By the mid-1930s, personal film cameras had come into wide use in Europe. They were still not as widely available as personal cameras for still photography, but the relative affordability of film cameras made home movies possible for the first time. Home footage from these cameras has become a key source for understanding the daily life of Jews in the 1930s.
Many of these home movies were recorded by amateur filmmakers, often a member of the family or a close friend. The subject often had an intimate relationship with the person behind the camera—a dynamic that often emerges in the details of the finished product. While some films aim to capture specific events, others simply document a "day in the life" of a particular family and their world at the time.
With the advantages of hindsight, we can sometimes see ominous signs in the background of Jewish families' home movies in 1930s Europe—such as a Nazi poster on a lamp post of a public park, or scenes of uniformed Nazis in the street. While we can recognize the significance of such images today, at the time these things were part of people's everyday political and social landscapes. It is important to understand the wider context of these historic home movies and consider how the people involved might have understood the events at the time they were filmed.1
The featured clip comes from the home movies of the Tennenbaums—a Jewish family that lived in Vienna. The footage was created between November 1937 and March 1939, during the period right before and immediately following the Anschluss.2 Marcus Tennenbaum took this film of his son Robert Tennenbaum (age two in the film) and his wife Ernestine. Robert's first cousin Edith and other family members are also featured. A nine-minute-long sequence spliced together from longer film reels shows the family's leisure time in the Volksgarten Park in Vienna, which reflects a rather typical upper-middle class family activity at the time.3 A few seconds after the five-minute mark, a poster of a swastika can be seen on a lamp post behind Edith. This footage was most likely taken in the spring of 1938.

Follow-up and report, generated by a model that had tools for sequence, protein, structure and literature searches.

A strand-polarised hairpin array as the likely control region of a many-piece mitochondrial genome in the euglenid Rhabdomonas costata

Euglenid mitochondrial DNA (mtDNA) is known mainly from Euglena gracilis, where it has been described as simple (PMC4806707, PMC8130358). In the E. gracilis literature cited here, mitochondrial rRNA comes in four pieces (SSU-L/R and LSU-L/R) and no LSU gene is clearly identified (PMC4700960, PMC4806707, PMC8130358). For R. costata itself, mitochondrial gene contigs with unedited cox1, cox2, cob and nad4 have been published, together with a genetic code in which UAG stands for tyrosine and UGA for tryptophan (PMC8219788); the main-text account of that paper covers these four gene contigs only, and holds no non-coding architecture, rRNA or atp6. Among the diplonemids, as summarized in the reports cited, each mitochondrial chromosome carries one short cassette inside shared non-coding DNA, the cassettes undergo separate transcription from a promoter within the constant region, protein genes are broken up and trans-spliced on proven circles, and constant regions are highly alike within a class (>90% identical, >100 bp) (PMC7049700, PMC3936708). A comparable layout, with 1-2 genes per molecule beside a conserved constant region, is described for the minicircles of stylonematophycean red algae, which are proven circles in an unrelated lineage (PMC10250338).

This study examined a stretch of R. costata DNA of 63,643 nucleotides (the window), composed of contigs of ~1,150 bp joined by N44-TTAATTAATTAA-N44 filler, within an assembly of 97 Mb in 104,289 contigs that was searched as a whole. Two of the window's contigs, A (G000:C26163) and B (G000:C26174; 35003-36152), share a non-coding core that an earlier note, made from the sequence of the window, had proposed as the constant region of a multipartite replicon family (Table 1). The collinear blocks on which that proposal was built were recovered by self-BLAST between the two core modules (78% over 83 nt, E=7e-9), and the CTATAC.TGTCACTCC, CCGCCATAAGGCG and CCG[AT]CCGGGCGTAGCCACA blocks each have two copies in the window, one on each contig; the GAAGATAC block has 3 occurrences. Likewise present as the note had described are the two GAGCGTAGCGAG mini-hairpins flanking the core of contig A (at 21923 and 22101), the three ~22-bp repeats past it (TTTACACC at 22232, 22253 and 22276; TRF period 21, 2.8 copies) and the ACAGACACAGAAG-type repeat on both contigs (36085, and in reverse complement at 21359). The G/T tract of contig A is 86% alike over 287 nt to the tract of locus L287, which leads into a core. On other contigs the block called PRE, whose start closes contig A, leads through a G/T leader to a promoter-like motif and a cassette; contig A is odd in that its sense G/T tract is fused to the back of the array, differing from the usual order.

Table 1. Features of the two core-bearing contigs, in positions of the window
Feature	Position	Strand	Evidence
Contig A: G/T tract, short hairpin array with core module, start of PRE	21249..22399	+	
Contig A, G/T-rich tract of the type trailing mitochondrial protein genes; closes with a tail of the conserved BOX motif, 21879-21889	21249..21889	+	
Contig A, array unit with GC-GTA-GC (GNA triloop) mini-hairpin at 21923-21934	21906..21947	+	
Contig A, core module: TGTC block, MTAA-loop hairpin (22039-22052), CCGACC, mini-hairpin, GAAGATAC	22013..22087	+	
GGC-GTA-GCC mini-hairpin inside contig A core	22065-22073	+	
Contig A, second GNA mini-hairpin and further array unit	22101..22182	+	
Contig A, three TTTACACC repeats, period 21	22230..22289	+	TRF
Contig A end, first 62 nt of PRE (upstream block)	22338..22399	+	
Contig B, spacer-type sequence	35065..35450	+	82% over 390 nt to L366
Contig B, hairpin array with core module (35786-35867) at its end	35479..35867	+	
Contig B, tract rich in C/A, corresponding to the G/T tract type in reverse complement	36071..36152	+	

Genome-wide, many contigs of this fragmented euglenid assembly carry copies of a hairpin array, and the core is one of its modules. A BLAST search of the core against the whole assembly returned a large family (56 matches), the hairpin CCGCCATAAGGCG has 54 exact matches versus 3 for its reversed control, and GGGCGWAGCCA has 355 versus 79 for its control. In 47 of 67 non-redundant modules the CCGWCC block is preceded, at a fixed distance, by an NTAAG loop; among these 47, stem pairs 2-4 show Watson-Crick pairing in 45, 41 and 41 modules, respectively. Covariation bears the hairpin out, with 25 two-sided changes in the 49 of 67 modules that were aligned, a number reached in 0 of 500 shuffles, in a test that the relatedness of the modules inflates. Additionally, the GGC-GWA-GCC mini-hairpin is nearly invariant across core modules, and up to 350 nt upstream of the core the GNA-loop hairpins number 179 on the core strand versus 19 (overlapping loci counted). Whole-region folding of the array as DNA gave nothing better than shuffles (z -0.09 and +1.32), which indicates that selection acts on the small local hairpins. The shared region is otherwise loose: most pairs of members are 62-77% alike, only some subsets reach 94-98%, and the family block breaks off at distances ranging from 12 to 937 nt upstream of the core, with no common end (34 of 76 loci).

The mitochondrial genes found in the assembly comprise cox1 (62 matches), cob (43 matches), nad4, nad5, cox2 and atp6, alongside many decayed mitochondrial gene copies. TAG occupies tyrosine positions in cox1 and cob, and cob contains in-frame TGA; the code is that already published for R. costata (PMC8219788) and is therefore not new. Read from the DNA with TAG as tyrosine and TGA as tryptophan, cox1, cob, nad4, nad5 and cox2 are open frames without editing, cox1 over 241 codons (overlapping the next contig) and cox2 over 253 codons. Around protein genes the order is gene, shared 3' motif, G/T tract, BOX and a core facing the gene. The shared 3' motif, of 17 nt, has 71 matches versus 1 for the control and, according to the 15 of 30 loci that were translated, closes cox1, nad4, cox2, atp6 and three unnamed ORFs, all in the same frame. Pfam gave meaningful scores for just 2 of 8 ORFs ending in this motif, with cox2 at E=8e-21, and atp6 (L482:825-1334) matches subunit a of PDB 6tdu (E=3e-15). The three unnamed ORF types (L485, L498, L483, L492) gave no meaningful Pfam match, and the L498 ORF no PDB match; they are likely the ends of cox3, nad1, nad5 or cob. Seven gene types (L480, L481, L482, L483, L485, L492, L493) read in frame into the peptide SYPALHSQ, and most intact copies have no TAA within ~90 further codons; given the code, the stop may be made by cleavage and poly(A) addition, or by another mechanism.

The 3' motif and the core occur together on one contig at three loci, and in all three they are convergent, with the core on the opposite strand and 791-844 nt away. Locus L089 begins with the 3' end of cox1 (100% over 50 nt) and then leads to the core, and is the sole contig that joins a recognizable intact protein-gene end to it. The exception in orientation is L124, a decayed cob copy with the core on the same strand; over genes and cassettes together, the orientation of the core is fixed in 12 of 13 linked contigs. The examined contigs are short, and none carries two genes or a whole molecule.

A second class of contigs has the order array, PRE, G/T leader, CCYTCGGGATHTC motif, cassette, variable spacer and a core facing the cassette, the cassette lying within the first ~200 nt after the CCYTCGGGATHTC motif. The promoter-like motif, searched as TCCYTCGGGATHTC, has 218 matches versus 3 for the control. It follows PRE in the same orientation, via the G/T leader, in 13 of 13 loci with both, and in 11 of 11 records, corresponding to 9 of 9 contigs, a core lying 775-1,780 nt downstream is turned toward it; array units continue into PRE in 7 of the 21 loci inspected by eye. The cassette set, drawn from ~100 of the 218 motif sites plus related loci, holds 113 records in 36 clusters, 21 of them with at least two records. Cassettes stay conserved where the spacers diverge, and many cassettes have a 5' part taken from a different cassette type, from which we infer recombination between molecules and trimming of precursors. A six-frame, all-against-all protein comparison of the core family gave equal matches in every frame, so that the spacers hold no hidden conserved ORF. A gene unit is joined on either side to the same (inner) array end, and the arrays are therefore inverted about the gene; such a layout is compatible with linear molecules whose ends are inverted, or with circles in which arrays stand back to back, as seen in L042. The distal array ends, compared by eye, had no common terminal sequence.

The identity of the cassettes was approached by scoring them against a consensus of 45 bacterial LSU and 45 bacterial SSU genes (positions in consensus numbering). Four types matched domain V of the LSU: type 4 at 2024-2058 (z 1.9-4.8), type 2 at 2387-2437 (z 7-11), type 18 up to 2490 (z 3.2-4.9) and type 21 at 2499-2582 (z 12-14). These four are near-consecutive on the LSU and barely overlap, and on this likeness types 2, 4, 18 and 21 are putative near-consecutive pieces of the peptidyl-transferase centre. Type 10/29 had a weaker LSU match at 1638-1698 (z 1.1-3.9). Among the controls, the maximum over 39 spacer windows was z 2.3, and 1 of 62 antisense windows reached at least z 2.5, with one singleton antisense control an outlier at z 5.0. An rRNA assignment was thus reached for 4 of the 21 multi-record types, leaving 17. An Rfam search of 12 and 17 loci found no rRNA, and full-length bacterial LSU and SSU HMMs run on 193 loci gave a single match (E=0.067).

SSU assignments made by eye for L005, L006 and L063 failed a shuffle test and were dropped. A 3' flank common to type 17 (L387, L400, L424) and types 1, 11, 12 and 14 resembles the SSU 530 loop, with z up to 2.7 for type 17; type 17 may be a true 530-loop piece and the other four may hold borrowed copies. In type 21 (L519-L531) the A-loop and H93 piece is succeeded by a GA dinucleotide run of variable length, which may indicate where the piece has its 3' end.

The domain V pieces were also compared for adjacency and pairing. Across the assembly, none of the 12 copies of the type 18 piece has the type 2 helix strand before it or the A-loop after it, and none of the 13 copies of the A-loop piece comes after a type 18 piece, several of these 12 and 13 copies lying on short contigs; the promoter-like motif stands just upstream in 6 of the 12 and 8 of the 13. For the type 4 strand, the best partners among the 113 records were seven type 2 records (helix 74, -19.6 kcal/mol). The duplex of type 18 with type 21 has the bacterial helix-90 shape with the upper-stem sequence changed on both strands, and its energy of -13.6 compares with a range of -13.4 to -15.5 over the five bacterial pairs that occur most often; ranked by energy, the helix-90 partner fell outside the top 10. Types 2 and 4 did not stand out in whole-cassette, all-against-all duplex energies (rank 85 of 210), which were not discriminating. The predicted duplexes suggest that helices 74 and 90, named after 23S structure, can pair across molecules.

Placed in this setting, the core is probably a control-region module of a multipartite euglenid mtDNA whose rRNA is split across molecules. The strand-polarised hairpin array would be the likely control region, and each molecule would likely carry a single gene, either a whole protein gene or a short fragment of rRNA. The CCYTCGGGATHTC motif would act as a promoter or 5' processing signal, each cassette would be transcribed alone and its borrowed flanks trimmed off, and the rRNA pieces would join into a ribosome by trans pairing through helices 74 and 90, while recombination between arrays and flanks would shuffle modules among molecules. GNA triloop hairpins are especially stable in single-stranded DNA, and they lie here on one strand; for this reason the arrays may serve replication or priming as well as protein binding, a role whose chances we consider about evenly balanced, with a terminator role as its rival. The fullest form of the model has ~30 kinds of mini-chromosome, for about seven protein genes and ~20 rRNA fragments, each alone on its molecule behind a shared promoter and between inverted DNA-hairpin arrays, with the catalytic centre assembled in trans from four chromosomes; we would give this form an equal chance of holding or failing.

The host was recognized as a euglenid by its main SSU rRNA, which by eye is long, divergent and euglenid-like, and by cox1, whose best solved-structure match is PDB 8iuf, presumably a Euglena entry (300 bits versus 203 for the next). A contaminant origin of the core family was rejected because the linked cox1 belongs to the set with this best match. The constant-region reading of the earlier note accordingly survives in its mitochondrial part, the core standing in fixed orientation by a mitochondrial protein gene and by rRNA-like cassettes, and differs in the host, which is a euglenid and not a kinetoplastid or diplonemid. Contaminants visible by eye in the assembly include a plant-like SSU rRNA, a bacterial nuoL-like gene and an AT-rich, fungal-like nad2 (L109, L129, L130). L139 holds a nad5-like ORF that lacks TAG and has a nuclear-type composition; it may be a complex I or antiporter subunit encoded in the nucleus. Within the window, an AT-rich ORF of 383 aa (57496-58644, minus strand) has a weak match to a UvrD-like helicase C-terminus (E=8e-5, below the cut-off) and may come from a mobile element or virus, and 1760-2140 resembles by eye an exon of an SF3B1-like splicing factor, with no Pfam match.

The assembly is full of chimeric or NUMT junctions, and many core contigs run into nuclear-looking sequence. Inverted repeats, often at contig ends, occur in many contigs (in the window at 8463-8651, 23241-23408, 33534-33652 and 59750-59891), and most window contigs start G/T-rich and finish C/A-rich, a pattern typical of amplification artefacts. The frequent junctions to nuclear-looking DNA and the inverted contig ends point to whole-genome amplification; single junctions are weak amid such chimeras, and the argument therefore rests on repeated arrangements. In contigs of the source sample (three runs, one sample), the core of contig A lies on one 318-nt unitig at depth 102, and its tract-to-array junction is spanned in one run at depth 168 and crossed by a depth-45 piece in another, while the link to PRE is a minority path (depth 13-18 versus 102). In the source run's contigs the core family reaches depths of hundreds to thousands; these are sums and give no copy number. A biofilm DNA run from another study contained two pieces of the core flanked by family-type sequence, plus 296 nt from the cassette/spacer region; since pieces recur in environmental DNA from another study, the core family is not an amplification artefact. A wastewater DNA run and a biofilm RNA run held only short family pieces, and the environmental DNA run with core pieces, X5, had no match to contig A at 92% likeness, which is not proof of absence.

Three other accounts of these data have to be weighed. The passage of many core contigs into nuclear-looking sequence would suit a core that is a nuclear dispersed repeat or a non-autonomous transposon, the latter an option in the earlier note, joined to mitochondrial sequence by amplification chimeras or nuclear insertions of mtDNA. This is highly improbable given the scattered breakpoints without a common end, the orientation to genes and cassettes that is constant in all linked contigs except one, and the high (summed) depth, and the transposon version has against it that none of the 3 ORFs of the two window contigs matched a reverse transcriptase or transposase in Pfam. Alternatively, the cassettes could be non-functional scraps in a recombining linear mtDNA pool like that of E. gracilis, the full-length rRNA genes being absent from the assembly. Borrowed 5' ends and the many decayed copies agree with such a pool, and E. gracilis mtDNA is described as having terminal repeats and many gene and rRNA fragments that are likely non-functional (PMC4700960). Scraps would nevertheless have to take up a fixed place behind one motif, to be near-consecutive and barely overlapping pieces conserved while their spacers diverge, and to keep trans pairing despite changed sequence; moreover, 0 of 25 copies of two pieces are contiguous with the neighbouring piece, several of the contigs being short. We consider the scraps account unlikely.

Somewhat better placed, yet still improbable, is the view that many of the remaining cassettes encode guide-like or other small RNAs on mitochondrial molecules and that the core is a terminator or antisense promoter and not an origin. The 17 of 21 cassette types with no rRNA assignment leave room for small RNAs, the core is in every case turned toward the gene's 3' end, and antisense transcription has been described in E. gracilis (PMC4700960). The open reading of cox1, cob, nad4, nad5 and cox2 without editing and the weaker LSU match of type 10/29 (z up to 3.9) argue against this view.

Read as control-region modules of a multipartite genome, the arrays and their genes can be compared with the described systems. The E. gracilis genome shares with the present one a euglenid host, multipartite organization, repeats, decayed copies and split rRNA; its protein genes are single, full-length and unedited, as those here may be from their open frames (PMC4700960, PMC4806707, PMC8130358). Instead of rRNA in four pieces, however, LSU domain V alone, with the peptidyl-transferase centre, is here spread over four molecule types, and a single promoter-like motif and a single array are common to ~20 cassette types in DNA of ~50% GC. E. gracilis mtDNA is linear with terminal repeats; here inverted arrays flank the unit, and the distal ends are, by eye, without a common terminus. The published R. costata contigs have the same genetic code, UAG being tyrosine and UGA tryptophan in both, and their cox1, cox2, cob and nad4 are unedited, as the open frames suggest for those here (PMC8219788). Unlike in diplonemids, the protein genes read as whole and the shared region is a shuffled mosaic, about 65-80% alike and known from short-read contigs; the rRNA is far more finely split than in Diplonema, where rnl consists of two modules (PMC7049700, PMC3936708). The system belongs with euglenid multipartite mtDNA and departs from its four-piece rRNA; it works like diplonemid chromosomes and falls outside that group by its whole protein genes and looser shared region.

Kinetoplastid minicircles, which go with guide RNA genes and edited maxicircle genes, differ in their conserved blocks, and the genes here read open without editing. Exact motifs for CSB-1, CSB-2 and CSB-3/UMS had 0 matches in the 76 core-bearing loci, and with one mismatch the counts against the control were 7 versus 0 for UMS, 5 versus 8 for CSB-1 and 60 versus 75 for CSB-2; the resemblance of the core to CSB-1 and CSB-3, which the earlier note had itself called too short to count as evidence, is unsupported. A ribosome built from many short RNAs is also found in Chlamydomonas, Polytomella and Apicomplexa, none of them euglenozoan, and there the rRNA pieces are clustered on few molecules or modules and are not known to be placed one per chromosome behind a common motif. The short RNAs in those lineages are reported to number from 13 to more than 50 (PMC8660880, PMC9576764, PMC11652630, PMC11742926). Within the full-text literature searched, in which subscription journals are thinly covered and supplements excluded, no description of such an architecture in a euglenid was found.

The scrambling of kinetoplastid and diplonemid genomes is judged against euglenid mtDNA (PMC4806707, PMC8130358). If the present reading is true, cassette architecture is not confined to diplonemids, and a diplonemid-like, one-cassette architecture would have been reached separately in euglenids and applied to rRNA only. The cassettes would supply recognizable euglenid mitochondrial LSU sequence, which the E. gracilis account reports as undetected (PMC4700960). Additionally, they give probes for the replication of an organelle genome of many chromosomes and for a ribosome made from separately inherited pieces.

The Tennenbaum family left Europe on the Queen Mary ocean liner on March 19, 1939, from Cherbourg to New York. In 1939, Edith (featured in the film at age two) also escaped to the United States with her brother George and mother, Dora Austein Tennenbaum, on the ocean liner "Rex" out of Genoa. Their father, Emil Tennenbaum, joined them in 1940. Emil Tennenbaum had been arrested on November 12, 1938 (the evening of Kristallnacht) and was sent to the Dachau concentration camp. He remained there for about eight weeks, until he was released on the basis of false papers that identified him as a Dutch Protestant.